It’s not quite King Solomon’s compromise, but if everyone is going to have what they want, this would be a good way to approach things.

Kings GM says Mike Richards went into ‘a destructive spiral’

Mike Richards

The Los Angeles Kings may owe Mike Richards money until 2031 (seriously), but in settling his grievance, the team and player more or less get to turn the page.

Not before Kings GM Dean Lombardi shares his sometimes startling perspective, though.

Lombardi has a tendency to be candid, especially in the press release-heavy world of sports management. Even by his standards, his account of Richards’ “destructive sprial” is a staggering read from the Los Angeles Times’ Lisa Dillman.

“Without a doubt, the realization of what happened to Mike Richards is the most traumatic episode of my career,” Lombardi said in a written summation he provided to the Los Angeles Times. “At times, I think that I will never recover from it. It is difficult to trust anyone right now – and you begin to question whether you can trust your own judgment. The only thing I can think of that would be worse would be suspecting your wife of cheating on you for five years and then finding out in fact it was true.”

Lombardi provides plenty of eyebrow-raising statements to Dillman, including:

  • He believed he “found his own Derek Jeter” in Richards, a player who “at one time symbolized everything that was special about the sport.”
  • Lombardi remarked that “his production dropped 50 percent and the certain ‘it’ factor he had was vaporizing in front of me daily.”
  • The Kings GM believes that he was “played” by Richards.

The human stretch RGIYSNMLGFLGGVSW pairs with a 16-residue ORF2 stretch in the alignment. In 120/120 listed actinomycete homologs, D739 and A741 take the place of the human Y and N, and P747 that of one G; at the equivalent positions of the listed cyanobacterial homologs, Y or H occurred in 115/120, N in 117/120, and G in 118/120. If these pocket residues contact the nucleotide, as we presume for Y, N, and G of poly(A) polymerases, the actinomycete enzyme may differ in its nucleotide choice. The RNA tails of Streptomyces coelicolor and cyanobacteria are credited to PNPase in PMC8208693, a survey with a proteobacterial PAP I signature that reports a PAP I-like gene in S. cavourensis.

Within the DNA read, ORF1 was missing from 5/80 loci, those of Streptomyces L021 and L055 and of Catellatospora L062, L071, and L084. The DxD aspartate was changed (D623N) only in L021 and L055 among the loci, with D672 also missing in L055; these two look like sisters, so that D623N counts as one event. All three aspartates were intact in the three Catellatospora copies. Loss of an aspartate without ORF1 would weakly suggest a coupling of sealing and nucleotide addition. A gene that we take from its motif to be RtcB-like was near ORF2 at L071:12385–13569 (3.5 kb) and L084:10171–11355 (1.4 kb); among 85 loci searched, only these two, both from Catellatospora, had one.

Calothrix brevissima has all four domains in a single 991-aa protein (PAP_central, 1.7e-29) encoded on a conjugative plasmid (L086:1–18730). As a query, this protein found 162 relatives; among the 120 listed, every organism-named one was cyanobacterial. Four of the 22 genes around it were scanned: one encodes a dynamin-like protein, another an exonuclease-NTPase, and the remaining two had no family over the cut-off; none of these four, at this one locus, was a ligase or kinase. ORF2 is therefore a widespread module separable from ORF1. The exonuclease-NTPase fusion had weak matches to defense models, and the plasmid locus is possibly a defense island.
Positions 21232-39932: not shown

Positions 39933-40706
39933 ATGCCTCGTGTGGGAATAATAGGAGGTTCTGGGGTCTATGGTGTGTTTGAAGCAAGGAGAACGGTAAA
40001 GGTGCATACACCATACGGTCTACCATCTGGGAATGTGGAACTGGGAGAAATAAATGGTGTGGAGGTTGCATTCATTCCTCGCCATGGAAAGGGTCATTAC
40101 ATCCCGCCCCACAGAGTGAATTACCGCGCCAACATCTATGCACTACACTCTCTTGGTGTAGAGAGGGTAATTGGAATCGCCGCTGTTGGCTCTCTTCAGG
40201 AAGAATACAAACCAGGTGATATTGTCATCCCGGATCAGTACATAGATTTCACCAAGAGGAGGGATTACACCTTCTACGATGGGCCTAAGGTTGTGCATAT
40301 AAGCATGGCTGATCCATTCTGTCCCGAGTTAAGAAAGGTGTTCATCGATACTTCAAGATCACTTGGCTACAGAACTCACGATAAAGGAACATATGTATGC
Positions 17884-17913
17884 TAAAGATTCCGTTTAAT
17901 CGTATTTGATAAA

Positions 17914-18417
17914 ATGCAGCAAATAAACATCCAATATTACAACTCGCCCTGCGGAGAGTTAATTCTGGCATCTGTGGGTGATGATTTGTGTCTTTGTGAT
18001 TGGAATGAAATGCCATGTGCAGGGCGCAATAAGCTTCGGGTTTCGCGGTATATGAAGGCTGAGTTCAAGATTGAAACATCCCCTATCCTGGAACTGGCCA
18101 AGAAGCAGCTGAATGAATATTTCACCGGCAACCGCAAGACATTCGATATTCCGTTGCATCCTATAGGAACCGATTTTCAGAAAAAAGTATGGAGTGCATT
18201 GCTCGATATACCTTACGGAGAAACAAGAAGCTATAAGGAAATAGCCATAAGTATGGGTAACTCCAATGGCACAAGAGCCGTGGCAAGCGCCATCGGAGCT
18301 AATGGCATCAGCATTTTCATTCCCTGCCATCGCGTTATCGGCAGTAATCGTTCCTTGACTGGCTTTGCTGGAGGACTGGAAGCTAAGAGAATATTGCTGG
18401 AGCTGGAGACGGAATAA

… Yeah.

Again, it’s a powerful read that you should soak in yourself, even if you’re unhappy with the way the Kings handled the situation.

Maybe the most pressing of many lingering questions is: will we get to hear Richards’ side of the story?

Coyotes exploit another lousy outing from Quick

Jonathan Quick

Despite owning two Stanley Cup rings, there are a healthy number of people who aren’t wild about Jonathan Quick.

Those people might feel validated through the Los Angeles Kings’ first two games, as he followed a rough loss to the San Jose Sharks with a true stinker against the Arizona Coyotes on Friday.

Sometimes a goalie has a bad night stats-wise, yet his team is as much to blame as anything else. You can probably pin this one on Quick, who allowed four goals on just 14 shots through the first two periods.

Things died down in the final frame, but let’s face it; slowing things down is absolutely the Coyotes’ design with a 4-1 lead (which ultimately resulted in a 4-1 win).


A soft 1-0 goal turned out to be a sign of things to come:

Many expected the Kings to roar into this second game after laying an egg in their opener. Instead, the Coyotes exploited Quick’s struggles for a confidence-booster, which included key prospect Max Domi scoring a goal and an assist.

It’s worth mentioning that Mike Smith looked downright fantastic at times, only drawing more attention to Quick’s struggles.


After a troubled summer and a failed 2014-15 season, Los Angeles was likely eager to start things off the right way.

Instead, they instead will likely focus on the fact that they merely dropped two (ugly) games.